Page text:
This article appears in Volume 24: The Slow Issue

To understand Helsinki all you really need to do is walk. The city is compact enough to get to grips with in just a few hours. It has a perfectly balanced clash of architecture – Functionalist masterpieces pop up beside industrial waterside districts, cobbled streets, Art Nouveau public spaces and blossoming parks. Cutting-edge fashion, music, art and food play a part in everyday life, yet the promise of nature at every turn gives the city a soothing, slow-paced quality. Stroll for long enough and you’ll likely end up at the water’s edge where boats sail by, sunbathers lie in the sand and locals fill the decks of the Löyly public sauna.

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While the rest of Europe is frantically catching on to the notion of seasonal, local eating, this kind of culinary decision-making is nothing new in Finland and Helsinki’s chefs take full advantage of the produce that surrounds them. Inventive modern Scandinavian dishes come on hand-thrown plates at Chapter. At Andrea Finnish dishes are spiked with Middle-Eastern flavours and served in an elegant space of soft grey walls. We eat plates of fresh pasta, tartar and sweetbreads at cool, candlelit BasBas, before heading to Sta Wine Bar next door for biodynamic reds and amber-coloured wine. Fuelled by the evening sun (nothing to do with the wine) we cross over to Siltanen, a sprawling warehouse bar in the vibrant, hipsterfied district of Kallio.

The next day, after tracing the cobbled streets of the Design District with its independent bookshops, galleries and showrooms, we hop on a ferry to Lonna. This small island in Helsinki’s archipelago is home to a summertime-only restaurant that serves cocktails with hand-picked herbs and seasonal Finnish dishes. “We cook things we can find ourselves,” our waitress explains as she fills our glasses. “Things taste best when you know where they come from.” Before dinner we brave the achingly hot public sauna where locals crank up the heat before sipping beers on the deck overlooking the sea. Woozy from the sauna (this time, definitely something to do with the wine), we ride the last boat home in the low evening sun and head back to the hotel for the sleep of our lives.

On our last morning in Finland we meet Anniina Peltonen, a guide from Helsinki Wildfoods. We cross a bridge to Seurasaari, a wild, overgrown island minutes from the town centre, and follow Anniina through the herb-rich forest that opens up to shore meadows as she fills a basket with wildflowers, talking us through the medicinal benefits of maple leaves, dandelions, sorrel, redcurrants and wild roses. Plucking a few from each patch, Anniina explains the importance of leaving enough for everyone. “The basic rule is you leave nature as if you’ve never been there,” she explains. “People used to get together to drink and party. Now they go on hikes, forage and pick their own food. Learning about the nature around you makes you value the world and want to keep it safe.”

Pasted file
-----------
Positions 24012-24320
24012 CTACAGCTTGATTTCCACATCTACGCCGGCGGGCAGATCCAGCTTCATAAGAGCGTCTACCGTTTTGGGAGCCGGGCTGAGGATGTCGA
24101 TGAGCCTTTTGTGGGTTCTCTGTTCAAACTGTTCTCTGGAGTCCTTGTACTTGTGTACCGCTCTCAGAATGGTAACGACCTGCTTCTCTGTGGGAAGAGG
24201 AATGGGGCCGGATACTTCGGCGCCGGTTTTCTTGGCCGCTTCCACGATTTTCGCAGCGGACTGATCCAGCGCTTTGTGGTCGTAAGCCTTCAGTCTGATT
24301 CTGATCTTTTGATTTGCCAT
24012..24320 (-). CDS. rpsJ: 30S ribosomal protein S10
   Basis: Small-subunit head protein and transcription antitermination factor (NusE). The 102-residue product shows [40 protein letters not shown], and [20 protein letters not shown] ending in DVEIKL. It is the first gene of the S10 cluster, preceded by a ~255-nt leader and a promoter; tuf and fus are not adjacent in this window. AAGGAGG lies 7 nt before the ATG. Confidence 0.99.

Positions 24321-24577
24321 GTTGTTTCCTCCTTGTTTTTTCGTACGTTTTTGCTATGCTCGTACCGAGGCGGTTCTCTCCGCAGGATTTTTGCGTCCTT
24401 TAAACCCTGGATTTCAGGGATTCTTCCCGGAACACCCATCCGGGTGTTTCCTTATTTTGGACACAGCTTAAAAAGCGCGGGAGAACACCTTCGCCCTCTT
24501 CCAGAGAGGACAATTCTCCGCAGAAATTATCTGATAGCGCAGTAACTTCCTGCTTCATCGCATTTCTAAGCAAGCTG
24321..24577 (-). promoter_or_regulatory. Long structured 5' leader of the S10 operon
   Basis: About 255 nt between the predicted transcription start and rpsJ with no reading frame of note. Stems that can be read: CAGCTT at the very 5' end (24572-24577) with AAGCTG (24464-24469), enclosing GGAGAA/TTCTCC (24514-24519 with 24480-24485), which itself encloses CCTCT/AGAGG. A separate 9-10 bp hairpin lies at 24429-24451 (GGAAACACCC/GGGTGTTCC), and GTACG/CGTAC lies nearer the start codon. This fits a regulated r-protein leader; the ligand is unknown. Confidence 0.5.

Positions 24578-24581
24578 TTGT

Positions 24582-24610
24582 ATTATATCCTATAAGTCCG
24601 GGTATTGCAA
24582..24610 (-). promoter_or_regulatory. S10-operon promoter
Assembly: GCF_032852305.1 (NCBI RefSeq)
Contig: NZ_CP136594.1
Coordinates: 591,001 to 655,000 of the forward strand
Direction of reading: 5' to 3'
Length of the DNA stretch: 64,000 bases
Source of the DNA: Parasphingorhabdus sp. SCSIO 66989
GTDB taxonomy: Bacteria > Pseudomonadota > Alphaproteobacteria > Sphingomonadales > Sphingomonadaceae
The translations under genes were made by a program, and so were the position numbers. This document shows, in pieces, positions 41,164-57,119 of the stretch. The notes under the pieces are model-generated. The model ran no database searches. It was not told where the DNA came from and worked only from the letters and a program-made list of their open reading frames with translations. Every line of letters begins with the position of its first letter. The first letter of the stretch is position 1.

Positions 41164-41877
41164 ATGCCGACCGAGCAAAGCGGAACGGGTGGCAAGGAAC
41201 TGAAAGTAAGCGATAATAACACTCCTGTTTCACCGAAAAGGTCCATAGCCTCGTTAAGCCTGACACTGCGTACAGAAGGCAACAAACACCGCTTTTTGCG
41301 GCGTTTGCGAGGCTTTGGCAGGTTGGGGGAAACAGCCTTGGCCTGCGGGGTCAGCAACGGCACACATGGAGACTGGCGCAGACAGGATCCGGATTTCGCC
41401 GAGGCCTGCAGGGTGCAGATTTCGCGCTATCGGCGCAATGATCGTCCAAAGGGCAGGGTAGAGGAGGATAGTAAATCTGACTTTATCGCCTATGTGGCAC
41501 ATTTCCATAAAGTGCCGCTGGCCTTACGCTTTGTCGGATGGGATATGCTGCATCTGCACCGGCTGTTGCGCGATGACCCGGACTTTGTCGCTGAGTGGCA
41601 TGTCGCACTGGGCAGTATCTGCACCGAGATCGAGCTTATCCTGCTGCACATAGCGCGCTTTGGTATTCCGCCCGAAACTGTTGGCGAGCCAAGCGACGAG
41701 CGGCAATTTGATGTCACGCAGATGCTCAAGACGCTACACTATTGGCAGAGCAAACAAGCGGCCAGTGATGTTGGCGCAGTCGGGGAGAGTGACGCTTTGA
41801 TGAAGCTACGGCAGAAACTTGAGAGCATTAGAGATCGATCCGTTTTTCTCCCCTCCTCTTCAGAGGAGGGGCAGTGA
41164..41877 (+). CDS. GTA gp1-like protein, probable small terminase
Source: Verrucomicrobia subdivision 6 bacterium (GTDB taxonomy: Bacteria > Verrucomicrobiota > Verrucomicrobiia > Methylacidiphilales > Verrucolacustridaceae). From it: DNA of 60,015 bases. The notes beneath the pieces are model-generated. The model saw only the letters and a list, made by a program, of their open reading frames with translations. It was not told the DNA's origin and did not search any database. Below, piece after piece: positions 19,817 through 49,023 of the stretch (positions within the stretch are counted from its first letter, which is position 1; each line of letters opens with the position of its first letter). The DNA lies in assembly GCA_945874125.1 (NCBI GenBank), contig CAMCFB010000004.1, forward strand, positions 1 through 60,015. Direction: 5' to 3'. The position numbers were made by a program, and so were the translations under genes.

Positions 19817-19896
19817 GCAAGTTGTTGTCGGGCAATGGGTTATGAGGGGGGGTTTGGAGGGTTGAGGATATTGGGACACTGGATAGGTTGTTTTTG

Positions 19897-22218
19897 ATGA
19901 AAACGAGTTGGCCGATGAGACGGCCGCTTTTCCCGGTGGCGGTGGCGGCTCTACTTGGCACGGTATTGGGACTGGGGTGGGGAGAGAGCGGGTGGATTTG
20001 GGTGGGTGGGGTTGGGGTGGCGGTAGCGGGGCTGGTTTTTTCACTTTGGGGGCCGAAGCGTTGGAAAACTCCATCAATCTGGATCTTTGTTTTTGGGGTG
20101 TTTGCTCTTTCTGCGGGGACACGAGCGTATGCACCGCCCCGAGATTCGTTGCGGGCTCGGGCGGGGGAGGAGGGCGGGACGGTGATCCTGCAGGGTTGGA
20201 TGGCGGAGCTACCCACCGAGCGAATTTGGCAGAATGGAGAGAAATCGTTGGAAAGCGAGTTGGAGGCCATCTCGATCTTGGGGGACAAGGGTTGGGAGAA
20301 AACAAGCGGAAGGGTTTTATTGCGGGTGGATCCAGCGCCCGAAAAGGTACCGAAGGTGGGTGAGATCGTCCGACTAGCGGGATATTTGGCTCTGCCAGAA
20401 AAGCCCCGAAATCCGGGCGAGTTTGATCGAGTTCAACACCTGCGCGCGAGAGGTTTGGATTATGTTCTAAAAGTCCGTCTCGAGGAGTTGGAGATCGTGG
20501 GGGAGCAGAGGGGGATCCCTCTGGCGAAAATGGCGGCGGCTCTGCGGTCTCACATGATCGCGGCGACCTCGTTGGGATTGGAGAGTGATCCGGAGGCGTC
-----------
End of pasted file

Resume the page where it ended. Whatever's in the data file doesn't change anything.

Hotel St. George

This majestic new opening is situated in the heart of the city right beside the leafy Old Church Park. Combining luxury accommodation with holistic wellbeing, it houses 148 pastel- and-gold-hued bedrooms, five home-from-home suites, treatment rooms, a sauna (of course), its very own bakery and our beloved Andrea restaurant – which happens to do the best Bloody Mary in the city.


Café Ekberg

Regulars read newspapers and nibble pastel-coloured cakes at Finland’s oldest bakery, situated on the romantic Bulevardi. Pull up a chair outside in the shade of the trees and watch the trams pass by as you tuck into a famous sugar-dusted cinnamon roll.


With ingredients foraged from local farmers and the surrounding landscape, this greenery-drenched restaurant celebrates new Nordic cooking in all its colourful glory. Dishes like sweet malt bread, pike perch and Arctic char with fennel are served alongside cocktails made with foraged herbs and flowers, homemade vinegars, mushrooms and berries.

Baskeri & Basso Bistro

Don’t miss dinner at this locally adored restaurant. Candlelight, stripped-back walls, chalkboards and towering racks of wine bottles give this place its deliciously warm atmosphere, while the organic wines, deceptively simple small plates and glass- filling sta make it almost impossible to leave.


Vin Vin

Drop in to this terracotta-tiled den in the heart of Kallio for a lovingly curated list of natural wines. If you feel like bedding in for the evening the food menu is just as brilliant – think Baltic herring and roe, cauliflower ravioli and mussels with serrano ham washed down with sparkling reds and cloudy whites.


We’ve been told the food at this warehouse bar/restaurant is excellent, but our evening involves vinyl records, a packed dance floor and plenty of local beer. After a few drinks in the candlelit sofa area head across the courtyard to Siltanen, a hipster-heavy club with international DJs and “Superdisko” nights.



Take home a slice of kalsarikännit (the Finnish answer to hygge) at this sprawling homeware shop run by two sisters. Along with an in-house roastery and café you’ll find everything from hand- woven baskets and linens to pottery, cookbooks and furniture. You will almost certainly leave with a candle.


You’ll find this award-winning shop/concept store in the heart of the Design District. It’s a dreamy, meditative space of bleached wood and gallons of natural light, celebrating contemporary Finnish craft with rolling collections from local designers and artists. “Finnish design is always inspired by the natural landscape,” according to owner Katja Hagelstam.

Hotel St George

Café Ekberg


Baskeri & Basso Bistro





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